A person who consents to the inclusion of a defective statement
in a fundraising or takeover document may be liable for losses that
the defect causes.
But what does "consent" actually mean?
This is an issue which has rarely been considered by Australian
courts. However, it was a significant factor in the recent
dismissal of the class action against Bendigo and Adelaide
In dispute was whether a company which shared some directors
with another company must have "consented" to all the
statements in a PDS issued by that other company.
A basic issue, therefore, was whether "consent", as
used in relation to fundraising and takeover documents in the
Corporations Act, is active or passive.
Bendigo and Adelaide Bank argued that there is a difference
between "consent" and "acquiescence". It
referred to a 1980 English case in which it was said that
acquiescence can arise out of passive failure to do anything, but
consent must involve "a positive demonstrative act, something
of an affirmative kind":
The Australian Court agreed that this definition of
"consent" was applicable to the relevant provisions of
the Corporations Act:
"the provisions of the Act to which reference has been made
indicate, in my view, that the word 'consent' is there
being used in an active, rather than passive, sense, which connotes
a requirement of a specific, positive act and not mere acquiescence
On this basis, a company's having some common directors with
the issuing company did not, by itself, constitute consent to the
statements in the issuing company's PDS:
"the 'mere' fact of common directorships, noting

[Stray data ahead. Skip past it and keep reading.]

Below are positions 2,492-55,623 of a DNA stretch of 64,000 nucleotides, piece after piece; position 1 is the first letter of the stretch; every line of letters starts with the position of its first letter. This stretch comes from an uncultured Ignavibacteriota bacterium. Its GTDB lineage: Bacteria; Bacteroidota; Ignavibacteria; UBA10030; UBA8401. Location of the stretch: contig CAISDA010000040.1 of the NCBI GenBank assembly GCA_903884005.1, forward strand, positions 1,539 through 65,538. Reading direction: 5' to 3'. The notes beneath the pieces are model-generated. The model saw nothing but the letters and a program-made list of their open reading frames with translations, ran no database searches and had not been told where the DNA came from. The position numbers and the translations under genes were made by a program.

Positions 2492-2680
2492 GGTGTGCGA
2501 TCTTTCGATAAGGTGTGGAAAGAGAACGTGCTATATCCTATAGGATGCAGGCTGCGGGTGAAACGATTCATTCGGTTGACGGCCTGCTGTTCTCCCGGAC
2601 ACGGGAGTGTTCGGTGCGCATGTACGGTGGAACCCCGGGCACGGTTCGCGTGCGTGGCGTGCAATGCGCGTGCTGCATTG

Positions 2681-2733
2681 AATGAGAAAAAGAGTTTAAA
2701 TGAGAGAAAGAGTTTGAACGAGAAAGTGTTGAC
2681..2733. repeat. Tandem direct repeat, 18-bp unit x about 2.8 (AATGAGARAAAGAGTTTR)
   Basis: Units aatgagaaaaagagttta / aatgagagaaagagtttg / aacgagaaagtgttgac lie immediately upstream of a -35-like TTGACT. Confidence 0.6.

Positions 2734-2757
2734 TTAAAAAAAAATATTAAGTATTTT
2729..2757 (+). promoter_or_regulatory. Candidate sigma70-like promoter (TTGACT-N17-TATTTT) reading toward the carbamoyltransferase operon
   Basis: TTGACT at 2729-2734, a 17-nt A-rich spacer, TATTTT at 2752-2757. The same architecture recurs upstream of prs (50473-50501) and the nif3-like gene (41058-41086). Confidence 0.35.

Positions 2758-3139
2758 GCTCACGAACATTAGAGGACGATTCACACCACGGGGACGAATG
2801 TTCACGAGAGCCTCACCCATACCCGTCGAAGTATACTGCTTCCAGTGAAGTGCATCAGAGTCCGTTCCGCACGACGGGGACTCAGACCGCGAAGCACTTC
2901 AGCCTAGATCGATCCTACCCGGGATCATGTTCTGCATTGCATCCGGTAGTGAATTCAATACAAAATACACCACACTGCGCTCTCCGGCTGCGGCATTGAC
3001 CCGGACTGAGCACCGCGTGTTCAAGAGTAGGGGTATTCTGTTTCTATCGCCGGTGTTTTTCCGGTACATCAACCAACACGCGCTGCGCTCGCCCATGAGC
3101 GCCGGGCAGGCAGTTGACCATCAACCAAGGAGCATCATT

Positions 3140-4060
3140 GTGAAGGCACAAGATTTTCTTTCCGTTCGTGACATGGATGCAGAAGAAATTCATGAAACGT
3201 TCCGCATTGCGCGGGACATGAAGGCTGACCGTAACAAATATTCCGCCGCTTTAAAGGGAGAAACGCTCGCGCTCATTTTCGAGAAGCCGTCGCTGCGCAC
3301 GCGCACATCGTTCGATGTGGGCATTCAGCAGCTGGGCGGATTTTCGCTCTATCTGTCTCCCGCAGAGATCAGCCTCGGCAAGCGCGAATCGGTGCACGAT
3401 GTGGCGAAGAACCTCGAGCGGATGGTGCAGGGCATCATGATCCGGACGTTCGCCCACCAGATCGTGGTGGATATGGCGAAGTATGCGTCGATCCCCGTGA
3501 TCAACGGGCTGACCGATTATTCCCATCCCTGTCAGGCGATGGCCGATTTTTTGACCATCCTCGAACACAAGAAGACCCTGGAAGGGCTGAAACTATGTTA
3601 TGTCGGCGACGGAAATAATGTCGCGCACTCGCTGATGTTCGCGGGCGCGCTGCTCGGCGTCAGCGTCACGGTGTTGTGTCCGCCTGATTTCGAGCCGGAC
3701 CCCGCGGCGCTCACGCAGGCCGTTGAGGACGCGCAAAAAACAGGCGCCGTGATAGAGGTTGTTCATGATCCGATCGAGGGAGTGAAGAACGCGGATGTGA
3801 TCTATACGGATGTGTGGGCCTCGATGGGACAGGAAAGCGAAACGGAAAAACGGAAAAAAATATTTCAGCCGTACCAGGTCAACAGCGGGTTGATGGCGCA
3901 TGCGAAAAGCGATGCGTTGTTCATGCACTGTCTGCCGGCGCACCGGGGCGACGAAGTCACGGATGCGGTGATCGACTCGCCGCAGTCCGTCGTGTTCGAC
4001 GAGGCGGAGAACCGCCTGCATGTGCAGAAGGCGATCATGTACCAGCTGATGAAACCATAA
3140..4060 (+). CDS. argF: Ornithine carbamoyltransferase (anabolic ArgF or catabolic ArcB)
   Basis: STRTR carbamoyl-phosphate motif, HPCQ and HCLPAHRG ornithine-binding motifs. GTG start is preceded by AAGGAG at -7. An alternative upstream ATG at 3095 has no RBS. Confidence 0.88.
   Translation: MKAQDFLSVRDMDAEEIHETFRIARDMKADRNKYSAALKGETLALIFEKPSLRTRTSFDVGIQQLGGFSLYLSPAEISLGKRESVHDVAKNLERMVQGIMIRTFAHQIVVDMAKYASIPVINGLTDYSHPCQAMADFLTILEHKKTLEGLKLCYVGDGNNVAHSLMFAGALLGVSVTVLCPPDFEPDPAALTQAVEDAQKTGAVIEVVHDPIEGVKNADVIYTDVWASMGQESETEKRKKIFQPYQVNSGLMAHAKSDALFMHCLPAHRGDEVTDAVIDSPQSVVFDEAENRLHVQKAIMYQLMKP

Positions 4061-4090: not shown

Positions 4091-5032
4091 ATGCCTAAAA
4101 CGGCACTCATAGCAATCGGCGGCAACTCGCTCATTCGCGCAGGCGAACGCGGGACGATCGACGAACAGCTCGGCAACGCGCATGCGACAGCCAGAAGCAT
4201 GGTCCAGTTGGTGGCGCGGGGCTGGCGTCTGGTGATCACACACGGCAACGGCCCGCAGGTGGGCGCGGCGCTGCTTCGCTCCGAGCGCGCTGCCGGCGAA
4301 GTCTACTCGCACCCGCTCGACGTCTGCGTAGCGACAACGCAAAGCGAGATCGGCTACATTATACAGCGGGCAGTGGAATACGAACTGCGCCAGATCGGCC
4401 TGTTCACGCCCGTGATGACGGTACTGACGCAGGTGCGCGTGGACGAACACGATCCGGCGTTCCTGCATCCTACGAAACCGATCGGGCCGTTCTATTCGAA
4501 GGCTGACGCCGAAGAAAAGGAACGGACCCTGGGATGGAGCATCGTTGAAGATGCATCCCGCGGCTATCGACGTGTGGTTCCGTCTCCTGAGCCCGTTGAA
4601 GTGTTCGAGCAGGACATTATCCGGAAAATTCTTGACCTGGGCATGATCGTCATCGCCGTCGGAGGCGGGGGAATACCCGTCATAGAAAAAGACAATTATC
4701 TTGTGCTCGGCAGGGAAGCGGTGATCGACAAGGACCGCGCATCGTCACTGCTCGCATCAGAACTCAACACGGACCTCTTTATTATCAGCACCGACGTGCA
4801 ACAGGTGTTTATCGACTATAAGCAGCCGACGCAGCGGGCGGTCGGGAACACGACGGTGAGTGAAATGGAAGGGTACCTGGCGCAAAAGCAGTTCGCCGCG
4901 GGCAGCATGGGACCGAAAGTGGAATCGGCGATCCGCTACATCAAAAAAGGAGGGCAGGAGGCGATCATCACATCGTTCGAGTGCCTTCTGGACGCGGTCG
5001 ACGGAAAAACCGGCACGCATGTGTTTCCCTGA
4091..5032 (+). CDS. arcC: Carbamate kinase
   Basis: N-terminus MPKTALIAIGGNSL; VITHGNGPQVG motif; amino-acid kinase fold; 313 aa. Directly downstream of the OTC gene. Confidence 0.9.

that the position was that the directorships were not entirely
common as there were some directors who were directors of one
company only, does not establish common knowledge, common control
or common liability."
This is a useful clarification of a potentially significant
legal issue in fundraising. Unfortunately, the news isn't all
good for fundraisers.
Another question before the Court was whether it could make
orders against someone who wasn't the fundraiser.
The investors were suing GSMAL, the issuers of a PDS, for
damages for an allegedly defective PDS (under section 1022B). They
were also suing Bendigo and Adelaide under another section, section
1022C. Section 1022C allows a Court, in an action under the primary
section (section 1022B), to make such orders "as it thinks are
necessary to do justice between the parties". The investors
wanted orders requiring Bendigo and Adelaide to repay them the
money they had borrowed to invest in the product offered under the
Bendigo and Adelaide argued that the secondary section (section
1022C) didn't empower the Court to make orders against someone
who wasn't a party to the primary (section 1022B) action. The
"[It is] significant that section 1022C makes provision for
and empowers the court to make orders to do justice between
'the parties', a term which is not defined; and rather than
by reference to the expression 'liable person', which is
provided for and, in effect, defined by sub-section 1022B(3). In
view of this disparity, it appears that the legislature may have
intended section 1022C to have a broader operation and to have been
intended to empower courts to make orders binding 'third
parties' where necessary to do justice arising out of an action
under section 1022B."
Fortuitously for the bank, the Court had already decided to
strike out the investors' claim on other grounds.
One of the bugbears for issuers, underwriters and securities
lawyers in the equity capital markets space is that, while the
Corporations Act provisions are complex, there isn't a lot of
judicial guidance on how they work in practice. Market participants
must, therefore, proceed on the basis of guidance from regulators
and lawyers, as well as market practice.
This decision is a useful addition to the ECM knowledge base,
particularly because it provides useful guidance on the meaning of
"consent", a concept which, as the Court noted, lies at
the heart of many of the liabilities which can arise out of a
fundraising or takeover.
The content of this article is intended to provide a general
guide to the subject matter. Specialist advice should be sought
about your specific circumstances.
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